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Scaled Bitmaps Don’t Have to be Blurry

A few days ago, Jeff Harrison wrote a post entitled Scaled bitmaps on websites = blurry images. If at all possible, we should avoid using a bitmap on a Web site that is scaled. Yet there are times you can’t avoid it when designing a responsive Web site.

Let’s look at the same image Jeff used in his example.
scaled

His example was horrible blurry because the scaling was minimal and distorted the image. The horizontal number of pixels were scaled smaller from 198 to 195 pixels while the vertical number of pixels were scaled larger from 24 to 25 pixels. It would be very easy to export the same logo at the correct dimensions to eliminate this problem.

When designing a responsive Web site, it has to adapt to different sizes of computer screens, phones, tablets and other devices. It just isn’t possible to have a single sized graphic that is perfect for all device screens. This means graphics have to be scaled, but it needs to be done intelligently.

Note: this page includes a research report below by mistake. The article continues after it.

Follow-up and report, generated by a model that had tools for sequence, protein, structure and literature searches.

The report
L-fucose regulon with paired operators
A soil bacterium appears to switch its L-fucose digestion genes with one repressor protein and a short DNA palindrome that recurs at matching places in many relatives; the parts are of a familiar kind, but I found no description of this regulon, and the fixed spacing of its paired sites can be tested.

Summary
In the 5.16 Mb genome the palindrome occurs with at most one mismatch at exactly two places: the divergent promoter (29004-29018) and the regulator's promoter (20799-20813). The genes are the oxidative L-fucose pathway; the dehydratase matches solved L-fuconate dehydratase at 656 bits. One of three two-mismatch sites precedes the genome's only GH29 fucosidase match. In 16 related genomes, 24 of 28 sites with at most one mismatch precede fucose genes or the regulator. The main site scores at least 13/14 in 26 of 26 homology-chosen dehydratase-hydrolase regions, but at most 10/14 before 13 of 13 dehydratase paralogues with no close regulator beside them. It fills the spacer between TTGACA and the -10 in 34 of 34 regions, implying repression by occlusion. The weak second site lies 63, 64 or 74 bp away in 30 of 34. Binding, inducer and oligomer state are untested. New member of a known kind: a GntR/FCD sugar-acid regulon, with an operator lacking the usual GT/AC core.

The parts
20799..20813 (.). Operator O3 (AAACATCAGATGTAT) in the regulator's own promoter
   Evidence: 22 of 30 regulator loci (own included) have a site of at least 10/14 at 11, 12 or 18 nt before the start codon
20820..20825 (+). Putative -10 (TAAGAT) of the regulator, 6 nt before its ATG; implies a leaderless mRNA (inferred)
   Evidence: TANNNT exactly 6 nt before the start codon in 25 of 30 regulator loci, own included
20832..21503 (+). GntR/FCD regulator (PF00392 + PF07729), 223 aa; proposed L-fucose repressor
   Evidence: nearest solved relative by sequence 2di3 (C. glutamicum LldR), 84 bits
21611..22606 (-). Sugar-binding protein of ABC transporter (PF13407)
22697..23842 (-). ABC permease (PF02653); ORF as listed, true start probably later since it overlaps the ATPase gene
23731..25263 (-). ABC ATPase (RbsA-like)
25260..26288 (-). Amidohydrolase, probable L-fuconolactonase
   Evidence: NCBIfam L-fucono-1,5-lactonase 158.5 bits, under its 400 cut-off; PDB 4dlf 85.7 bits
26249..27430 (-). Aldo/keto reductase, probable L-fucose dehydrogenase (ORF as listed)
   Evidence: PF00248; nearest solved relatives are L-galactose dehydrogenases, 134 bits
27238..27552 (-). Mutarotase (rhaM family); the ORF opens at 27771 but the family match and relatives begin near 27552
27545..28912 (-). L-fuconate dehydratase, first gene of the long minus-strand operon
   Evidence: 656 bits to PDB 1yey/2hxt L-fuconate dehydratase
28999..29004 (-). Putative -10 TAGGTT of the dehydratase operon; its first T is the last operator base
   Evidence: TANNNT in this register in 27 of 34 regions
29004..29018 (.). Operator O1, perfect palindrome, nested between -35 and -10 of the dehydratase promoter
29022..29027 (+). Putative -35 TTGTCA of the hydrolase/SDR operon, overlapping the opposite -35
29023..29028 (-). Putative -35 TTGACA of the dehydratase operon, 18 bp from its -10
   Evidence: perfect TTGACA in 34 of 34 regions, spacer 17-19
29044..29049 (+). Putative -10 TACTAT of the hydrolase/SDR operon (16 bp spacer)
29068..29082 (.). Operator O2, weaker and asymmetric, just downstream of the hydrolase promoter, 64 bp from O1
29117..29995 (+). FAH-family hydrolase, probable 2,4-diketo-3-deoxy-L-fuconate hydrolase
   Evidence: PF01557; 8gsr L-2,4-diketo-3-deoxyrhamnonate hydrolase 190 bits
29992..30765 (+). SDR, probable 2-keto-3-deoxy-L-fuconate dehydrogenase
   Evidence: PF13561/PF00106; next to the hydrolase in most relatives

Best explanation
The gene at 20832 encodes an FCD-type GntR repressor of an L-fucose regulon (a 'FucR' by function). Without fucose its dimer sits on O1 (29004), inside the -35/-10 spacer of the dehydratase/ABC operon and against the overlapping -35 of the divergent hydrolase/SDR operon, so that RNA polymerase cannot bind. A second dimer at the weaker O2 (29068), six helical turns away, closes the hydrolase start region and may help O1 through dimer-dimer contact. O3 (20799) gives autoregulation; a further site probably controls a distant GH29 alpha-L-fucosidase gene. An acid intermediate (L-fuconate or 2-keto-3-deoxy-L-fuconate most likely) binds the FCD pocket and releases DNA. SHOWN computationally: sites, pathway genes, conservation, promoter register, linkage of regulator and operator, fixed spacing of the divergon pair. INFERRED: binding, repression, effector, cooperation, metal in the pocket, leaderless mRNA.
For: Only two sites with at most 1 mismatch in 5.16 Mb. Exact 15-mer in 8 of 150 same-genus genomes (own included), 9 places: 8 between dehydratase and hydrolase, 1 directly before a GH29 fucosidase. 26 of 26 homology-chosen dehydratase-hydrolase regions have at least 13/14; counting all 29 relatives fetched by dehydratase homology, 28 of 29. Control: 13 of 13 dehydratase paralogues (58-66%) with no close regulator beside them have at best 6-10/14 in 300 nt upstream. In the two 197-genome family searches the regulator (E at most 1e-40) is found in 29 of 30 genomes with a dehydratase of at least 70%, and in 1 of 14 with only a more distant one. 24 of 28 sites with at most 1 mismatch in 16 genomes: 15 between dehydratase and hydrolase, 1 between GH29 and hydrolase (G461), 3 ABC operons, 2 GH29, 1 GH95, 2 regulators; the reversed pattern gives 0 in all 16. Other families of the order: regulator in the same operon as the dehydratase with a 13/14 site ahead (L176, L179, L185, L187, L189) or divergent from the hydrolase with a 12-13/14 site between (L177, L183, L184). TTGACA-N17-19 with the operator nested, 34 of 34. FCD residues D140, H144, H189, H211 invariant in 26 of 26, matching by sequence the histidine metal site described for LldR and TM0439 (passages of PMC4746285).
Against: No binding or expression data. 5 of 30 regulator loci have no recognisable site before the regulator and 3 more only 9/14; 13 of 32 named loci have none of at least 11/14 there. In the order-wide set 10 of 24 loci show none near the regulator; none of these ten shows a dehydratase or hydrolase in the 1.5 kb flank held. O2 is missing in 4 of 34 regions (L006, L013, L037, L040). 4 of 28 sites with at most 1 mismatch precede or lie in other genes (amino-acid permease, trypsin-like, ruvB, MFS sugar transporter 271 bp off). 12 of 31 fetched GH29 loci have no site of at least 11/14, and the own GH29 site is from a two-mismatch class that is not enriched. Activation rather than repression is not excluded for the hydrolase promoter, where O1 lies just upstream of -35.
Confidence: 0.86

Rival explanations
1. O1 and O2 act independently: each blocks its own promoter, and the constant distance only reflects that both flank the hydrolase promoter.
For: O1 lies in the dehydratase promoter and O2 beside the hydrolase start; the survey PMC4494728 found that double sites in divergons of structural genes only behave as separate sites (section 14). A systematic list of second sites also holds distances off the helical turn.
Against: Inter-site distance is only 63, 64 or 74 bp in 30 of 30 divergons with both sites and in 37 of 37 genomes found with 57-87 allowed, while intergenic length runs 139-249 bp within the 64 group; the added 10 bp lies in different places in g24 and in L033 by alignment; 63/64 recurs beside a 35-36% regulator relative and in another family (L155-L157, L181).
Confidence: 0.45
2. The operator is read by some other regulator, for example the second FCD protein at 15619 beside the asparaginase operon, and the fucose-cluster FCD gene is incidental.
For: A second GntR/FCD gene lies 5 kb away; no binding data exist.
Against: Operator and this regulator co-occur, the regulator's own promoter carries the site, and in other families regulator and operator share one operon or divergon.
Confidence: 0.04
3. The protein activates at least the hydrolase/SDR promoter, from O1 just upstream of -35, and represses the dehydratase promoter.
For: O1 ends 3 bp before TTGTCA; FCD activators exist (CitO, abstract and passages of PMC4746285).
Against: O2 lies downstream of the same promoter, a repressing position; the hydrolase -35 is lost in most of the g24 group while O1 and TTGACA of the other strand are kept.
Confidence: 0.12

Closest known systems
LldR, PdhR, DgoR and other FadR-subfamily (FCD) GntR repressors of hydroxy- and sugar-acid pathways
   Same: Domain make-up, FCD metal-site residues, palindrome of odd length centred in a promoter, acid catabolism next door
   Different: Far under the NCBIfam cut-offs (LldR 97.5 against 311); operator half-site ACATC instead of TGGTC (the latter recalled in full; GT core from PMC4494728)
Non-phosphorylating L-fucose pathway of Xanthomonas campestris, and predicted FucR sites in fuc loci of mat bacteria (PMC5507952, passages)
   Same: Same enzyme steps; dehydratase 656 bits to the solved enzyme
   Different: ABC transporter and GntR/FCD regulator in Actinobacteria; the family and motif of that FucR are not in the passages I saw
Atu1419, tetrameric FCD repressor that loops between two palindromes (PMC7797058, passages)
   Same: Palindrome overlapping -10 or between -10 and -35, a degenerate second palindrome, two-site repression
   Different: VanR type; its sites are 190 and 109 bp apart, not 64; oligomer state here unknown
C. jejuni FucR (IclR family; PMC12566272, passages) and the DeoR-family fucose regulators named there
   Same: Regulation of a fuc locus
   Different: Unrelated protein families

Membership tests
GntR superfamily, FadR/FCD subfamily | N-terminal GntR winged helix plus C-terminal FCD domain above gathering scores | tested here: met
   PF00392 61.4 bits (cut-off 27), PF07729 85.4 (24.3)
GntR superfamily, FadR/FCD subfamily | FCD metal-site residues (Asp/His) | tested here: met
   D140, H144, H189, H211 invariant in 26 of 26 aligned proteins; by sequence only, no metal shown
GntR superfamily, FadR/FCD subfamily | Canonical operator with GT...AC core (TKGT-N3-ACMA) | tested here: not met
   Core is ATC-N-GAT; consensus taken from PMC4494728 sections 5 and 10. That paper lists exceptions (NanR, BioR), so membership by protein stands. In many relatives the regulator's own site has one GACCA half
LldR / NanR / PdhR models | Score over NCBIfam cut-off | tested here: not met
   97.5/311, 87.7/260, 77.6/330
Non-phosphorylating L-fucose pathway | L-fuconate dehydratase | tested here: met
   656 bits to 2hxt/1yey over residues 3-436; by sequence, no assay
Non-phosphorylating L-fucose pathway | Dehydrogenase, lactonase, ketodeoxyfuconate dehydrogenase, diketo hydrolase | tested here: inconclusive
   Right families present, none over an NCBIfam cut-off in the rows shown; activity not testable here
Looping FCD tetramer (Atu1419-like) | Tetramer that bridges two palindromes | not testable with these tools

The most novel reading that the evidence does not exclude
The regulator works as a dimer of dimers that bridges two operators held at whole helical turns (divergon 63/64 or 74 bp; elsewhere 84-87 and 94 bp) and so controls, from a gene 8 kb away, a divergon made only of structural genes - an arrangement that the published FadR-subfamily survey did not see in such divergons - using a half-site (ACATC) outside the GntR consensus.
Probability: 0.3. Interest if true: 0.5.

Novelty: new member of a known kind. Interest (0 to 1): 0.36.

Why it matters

The first step is to create a graphic for the highest resolution needed. Images always look better when scaled down and can look awful when scaled up. When you scale an image, it must be done proportionally (unlike the example shown earlier). If the image is saved in JPG format, the compression can introduce other flaws. Either use minimal compression or save images in PNG format instead.

About Foster D. Coburn III

Foster D. Coburn III
Foster D. Coburn III is the author of thirteen books on CorelDRAW, the latest being CorelDRAW X6 Unleashed. He has been a contributor to numerous magazines. Foster has taken many projects, including this Web site and many more, from the early design stage through to a finished piece. He has been a featured speaker at many graphics and Web conferences.

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One comment

  1. PNG is better for relatively flat images, such as logos, anyway. Even better is to build the logo in a vector format, and export it to SVG. Be careful in doing that, though – since SVG can contain bitmaps as a part of its structure, some SVG exporters simply generate a bitmap and wrap it in the SVG format structure.

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